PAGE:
When Were the Gospels Written?
Why did it take 30 to 60 years for the New Testament Gospels to be written?
The main reason the Gospel accounts were not written immediately after Jesus’ death and resurrection is that there was no apparent need for any such writings. Initially the gospel spread by word of mouth in Jerusalem. There was no need to compose a written account of Jesus’ life, because those in the Jerusalem region were witnesses of Jesus and well aware of his ministry.11
However, when the gospel spread beyond Jerusalem, and the eyewitnesses were no longer readily accessible, there was a need for written accounts to educate others about Jesus’ life and ministry. Many scholars date the writing of the Gospels between 30 and 60 years after Jesus’ death.
Luke, at the beginning of his gospel, tells us why he wrote it: “Many have undertaken to draw up an account of the things that have been fulfilled among us, just as they were handed down to us by those who from the first were eyewitnesses and servants of the word. Therefore, since I myself have carefully investigated everything from the beginning, it seemed good to me to write an orderly account for you, most excellent Theophilus, so that you may have certainty of the things you have been taught.
Does the truth really matter? Did Jesus really do and say what is in the Gospels?
Yes and yes! For faith to really be of any value, it must be based on facts, on reality. Here is why. If you were taking a flight to London, you would probably have faith that the jet is fueled and mechanically reliable, the pilot trained, and no terrorists on board. Your faith, however, is not what gets you to London. Your faith is useful in that it got you on the plane. But what actually gets you to London is the integrity of the plane, pilot, etc. You could rely on your positive experience of past flights. But your positive experience would not be enough to get that plane to London. What matters is the object of your faith — is it reliable?
Is the New Testament an accurate, reliable presentation of Jesus? Yes. We can trust the New Testament because there is enormous factual support for it. This article touched on the following points: historians concur, archaeology concurs, the four Gospel biographies are in agreement, the preservation of document copies is remarkable, there is superior accuracy in the translations. All of this gives a solid foundation for believing that what we read today is what the original writers wrote and experienced in real life, in real places.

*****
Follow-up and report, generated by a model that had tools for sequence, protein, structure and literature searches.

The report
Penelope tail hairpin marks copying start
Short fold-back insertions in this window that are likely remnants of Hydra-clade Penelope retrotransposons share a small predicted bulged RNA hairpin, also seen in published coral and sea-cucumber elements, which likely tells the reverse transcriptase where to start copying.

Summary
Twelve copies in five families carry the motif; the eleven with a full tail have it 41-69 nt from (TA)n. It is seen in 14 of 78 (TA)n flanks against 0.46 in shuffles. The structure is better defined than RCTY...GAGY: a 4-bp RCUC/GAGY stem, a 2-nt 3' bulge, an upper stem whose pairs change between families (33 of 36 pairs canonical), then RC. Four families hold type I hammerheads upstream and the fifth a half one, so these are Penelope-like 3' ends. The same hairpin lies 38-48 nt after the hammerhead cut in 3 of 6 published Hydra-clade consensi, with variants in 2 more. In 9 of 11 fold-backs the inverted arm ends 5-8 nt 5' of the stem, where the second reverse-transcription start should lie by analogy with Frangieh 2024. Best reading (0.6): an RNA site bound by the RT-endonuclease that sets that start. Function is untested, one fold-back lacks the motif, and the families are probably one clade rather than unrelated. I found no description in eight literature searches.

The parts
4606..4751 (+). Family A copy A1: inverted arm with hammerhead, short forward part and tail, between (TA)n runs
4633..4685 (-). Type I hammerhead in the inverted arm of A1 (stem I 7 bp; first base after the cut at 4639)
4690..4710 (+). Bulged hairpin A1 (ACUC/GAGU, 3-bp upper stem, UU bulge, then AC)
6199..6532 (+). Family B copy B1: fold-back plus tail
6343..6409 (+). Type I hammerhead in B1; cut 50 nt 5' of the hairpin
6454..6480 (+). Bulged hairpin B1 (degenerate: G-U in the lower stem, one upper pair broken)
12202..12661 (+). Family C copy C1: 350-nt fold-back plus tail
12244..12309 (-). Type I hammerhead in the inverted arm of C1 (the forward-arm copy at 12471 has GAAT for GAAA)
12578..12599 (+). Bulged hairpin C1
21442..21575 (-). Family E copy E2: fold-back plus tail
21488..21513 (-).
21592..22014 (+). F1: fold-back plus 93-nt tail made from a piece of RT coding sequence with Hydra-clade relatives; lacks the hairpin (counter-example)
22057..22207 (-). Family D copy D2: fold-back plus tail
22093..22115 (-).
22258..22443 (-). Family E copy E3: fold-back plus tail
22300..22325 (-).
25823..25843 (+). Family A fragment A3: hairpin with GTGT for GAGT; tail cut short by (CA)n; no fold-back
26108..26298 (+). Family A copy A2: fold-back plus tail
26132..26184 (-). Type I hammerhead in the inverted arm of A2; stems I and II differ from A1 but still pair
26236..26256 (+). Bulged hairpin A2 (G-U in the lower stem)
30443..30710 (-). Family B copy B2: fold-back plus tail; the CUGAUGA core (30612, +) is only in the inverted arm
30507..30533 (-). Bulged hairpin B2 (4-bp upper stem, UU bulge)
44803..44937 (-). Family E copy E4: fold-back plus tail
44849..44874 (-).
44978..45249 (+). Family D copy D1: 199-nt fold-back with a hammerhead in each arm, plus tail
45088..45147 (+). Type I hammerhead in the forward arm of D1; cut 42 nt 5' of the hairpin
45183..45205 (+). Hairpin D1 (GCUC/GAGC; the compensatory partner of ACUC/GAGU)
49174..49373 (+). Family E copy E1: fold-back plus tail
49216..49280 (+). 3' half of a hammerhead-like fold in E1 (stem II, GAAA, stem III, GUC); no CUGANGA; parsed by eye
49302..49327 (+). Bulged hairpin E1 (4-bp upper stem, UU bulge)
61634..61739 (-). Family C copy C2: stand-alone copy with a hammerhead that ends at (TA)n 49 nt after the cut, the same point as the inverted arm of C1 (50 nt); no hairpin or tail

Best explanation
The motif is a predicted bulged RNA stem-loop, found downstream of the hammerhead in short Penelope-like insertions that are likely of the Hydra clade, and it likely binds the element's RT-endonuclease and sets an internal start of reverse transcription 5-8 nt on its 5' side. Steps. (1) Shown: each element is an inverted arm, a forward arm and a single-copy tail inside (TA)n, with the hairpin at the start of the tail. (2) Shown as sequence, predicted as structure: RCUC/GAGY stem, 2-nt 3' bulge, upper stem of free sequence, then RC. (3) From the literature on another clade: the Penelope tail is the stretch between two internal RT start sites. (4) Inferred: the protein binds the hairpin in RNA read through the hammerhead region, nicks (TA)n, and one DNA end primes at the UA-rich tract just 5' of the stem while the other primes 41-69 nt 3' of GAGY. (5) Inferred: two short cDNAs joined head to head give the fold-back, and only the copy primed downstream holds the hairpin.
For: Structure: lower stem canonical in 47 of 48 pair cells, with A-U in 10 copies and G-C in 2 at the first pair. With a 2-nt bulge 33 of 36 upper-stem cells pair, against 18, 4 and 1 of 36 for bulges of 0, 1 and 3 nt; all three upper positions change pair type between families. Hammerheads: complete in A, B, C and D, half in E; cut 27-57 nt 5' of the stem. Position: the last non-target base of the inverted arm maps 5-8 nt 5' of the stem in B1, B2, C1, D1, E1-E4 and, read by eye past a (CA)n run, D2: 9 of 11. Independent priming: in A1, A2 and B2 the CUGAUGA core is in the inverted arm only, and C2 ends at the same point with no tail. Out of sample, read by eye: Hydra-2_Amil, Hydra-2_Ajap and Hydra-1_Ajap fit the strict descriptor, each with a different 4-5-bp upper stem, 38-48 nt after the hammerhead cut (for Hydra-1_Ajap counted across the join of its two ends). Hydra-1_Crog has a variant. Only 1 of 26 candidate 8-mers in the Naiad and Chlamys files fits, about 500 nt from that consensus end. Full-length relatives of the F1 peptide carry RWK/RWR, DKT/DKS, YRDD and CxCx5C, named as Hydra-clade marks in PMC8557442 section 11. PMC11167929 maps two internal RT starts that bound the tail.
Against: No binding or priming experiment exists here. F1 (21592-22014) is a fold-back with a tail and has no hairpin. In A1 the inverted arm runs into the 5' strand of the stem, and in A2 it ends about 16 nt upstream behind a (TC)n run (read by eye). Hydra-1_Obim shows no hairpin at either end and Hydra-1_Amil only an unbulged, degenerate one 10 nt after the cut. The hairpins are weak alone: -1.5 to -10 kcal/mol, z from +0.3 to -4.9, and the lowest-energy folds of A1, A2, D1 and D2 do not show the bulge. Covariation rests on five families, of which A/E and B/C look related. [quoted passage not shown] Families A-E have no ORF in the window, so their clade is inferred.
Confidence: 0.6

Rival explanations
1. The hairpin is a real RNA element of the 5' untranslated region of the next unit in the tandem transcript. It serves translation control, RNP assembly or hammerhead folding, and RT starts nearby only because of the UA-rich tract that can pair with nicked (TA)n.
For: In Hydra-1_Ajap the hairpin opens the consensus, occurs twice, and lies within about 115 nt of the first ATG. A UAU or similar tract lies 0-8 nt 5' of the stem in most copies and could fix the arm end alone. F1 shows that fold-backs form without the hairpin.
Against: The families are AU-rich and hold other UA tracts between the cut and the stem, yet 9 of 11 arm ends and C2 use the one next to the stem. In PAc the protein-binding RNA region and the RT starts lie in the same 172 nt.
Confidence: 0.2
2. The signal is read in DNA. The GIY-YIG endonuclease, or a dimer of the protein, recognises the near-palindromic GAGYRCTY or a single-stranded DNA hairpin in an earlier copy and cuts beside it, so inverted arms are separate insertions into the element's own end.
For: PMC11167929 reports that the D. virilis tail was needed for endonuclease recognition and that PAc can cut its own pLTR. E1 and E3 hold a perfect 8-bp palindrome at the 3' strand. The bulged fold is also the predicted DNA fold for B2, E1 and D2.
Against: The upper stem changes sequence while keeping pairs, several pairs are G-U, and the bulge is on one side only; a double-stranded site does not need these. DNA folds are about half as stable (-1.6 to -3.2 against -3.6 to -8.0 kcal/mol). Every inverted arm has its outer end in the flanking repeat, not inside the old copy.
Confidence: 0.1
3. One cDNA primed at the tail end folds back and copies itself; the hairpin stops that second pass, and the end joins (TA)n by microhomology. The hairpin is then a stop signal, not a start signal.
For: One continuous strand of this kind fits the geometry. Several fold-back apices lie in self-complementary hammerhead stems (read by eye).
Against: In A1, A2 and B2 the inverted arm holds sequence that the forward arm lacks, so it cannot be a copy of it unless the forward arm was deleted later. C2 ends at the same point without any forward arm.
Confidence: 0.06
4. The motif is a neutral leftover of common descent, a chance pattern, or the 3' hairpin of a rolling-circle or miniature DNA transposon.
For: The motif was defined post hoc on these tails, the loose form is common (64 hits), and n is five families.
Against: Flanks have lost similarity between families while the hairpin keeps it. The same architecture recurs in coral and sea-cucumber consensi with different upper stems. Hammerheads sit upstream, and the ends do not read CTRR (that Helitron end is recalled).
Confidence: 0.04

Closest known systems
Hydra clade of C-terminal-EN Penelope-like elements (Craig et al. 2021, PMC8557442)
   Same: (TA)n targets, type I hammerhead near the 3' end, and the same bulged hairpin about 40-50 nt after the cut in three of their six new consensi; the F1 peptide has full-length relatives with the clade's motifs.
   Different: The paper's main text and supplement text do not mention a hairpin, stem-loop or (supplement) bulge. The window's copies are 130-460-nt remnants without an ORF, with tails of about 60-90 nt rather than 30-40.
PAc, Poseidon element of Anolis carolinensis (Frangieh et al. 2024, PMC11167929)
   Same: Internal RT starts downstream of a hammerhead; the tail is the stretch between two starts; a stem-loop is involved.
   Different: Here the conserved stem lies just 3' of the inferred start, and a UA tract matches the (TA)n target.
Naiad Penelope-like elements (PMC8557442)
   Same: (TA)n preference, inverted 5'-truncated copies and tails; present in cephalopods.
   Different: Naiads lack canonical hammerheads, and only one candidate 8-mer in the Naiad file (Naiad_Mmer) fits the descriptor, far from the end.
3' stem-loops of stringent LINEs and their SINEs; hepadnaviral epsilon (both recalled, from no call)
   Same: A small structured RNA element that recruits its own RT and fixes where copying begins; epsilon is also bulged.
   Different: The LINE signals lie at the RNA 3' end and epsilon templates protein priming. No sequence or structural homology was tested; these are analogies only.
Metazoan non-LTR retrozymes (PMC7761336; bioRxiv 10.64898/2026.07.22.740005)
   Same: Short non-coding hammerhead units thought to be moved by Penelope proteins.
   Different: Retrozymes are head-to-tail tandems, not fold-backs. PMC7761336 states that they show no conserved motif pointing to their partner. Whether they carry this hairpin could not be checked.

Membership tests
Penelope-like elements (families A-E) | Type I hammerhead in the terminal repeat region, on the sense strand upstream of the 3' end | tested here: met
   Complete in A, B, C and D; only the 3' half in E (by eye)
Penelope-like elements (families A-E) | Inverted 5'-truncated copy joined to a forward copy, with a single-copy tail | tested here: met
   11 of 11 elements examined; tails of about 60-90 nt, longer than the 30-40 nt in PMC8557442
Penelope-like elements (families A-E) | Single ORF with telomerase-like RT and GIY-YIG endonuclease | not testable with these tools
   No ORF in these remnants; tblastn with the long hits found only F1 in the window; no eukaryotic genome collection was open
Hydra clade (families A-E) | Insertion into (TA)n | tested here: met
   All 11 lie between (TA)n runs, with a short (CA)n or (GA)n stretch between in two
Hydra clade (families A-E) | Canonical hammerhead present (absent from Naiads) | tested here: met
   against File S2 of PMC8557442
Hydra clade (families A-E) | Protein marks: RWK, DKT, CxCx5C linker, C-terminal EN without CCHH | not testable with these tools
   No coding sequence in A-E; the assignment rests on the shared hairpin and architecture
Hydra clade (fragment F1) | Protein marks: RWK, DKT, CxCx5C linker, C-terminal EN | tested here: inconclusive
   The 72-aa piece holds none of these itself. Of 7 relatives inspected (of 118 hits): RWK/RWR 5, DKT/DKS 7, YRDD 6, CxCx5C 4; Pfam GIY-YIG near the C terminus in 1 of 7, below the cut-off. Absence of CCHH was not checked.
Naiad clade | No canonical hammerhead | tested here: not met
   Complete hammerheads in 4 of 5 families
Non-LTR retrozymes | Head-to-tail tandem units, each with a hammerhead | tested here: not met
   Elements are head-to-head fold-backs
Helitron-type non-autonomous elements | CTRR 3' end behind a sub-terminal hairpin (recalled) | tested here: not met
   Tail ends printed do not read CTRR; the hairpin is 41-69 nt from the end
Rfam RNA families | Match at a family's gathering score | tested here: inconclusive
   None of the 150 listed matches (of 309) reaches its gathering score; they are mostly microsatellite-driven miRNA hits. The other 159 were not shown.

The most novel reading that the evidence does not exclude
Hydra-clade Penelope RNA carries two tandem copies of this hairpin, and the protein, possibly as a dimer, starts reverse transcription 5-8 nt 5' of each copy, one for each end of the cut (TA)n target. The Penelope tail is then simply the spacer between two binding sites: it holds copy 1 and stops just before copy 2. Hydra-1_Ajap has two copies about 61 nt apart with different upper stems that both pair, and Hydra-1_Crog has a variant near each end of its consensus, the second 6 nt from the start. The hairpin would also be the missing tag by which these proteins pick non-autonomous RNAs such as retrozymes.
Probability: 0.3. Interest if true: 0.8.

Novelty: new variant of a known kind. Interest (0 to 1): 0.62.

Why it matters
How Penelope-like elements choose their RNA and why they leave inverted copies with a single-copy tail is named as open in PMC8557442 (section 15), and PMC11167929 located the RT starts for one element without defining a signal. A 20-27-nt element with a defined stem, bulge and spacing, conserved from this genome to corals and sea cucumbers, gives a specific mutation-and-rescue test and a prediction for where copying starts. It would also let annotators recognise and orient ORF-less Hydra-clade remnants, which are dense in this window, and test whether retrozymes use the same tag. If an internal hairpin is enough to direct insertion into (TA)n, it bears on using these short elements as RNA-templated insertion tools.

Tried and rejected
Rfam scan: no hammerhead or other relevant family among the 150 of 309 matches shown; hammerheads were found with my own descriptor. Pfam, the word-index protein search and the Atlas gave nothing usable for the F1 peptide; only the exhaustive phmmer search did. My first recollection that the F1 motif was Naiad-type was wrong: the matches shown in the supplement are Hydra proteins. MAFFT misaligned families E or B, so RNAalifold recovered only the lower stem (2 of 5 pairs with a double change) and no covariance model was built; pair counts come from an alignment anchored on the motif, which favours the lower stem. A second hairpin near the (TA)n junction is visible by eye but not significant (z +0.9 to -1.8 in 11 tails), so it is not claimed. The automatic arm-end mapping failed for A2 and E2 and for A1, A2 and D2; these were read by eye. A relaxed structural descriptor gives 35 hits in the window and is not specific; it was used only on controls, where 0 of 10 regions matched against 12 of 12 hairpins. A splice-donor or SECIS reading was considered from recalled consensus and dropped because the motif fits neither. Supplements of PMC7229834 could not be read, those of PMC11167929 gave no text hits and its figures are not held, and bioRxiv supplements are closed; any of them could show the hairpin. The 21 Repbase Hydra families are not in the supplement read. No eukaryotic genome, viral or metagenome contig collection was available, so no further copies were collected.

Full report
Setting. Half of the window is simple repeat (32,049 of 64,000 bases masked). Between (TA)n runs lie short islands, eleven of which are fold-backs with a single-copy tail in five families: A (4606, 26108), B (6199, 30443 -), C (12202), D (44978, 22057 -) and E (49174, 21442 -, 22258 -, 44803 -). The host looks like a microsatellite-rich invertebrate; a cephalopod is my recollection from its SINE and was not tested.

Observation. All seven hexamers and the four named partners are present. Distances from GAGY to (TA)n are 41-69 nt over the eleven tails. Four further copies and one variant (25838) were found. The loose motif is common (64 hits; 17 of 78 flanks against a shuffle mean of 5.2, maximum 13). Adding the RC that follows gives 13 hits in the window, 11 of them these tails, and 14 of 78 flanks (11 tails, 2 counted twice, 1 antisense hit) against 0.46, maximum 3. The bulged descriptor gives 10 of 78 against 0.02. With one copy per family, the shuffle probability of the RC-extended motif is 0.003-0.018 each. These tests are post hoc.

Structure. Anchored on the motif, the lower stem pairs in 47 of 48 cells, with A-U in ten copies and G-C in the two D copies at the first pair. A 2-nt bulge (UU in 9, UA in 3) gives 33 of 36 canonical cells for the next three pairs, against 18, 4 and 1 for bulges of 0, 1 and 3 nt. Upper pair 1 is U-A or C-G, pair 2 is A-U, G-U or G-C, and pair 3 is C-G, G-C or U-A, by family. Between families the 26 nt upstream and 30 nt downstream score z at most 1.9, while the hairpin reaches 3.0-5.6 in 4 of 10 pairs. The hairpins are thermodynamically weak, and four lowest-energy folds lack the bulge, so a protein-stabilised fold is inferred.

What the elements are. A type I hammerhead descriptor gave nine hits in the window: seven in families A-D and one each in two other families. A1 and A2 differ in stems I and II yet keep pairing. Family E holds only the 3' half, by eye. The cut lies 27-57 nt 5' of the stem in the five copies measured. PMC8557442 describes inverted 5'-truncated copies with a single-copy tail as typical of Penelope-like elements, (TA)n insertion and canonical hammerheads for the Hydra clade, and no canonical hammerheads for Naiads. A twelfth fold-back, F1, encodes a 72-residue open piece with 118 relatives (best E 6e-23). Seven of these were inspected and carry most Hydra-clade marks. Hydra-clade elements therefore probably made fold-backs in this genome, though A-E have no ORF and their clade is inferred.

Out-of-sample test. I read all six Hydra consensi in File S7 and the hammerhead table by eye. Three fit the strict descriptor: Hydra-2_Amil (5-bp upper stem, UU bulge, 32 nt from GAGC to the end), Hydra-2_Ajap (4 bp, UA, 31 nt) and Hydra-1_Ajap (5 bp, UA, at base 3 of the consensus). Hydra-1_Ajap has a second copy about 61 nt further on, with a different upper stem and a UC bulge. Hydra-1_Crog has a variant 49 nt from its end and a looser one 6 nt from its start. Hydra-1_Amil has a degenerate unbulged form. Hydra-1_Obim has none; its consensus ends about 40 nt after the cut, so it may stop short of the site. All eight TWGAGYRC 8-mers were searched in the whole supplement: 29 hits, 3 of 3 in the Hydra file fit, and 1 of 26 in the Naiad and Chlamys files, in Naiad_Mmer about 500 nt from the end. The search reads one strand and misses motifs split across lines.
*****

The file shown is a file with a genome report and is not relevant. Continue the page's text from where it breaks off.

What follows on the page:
John, one of the Gospel writers sums it up well,
“This is the disciple who is bearing witness to these things, and who has written these things; and we know that his testimony is true. But there are also many other things which Jesus did; were every one of them to be written, I suppose that the world itself could not contain the books that would be written.” John 21(24-25)
Why Should We Read The Bible?
We should read and study the Bible because it is God’s Word to us. The Bible is literally “God-breathed” (2 Timothy 3:16). In other words, it is God’s very words to us. There are so many questions that philosophers have asked that God answers for us in Scripture. What is the purpose to life? Where did I come from? Is there life after death? How do I get to heaven? Why is the world full of evil? Why do I struggle to do good?
In addition to these “big” questions, the Bible gives much practical advice in areas such as: What do I look for in a mate? How can I have a successful marriage? How can I be a good friend? How can I be a good parent? What is success and how do I achieve it? How can I change? What really matters in life? How can I live so that I do not look back with regret? How can I handle the unfair circumstances and bad events of life victoriously?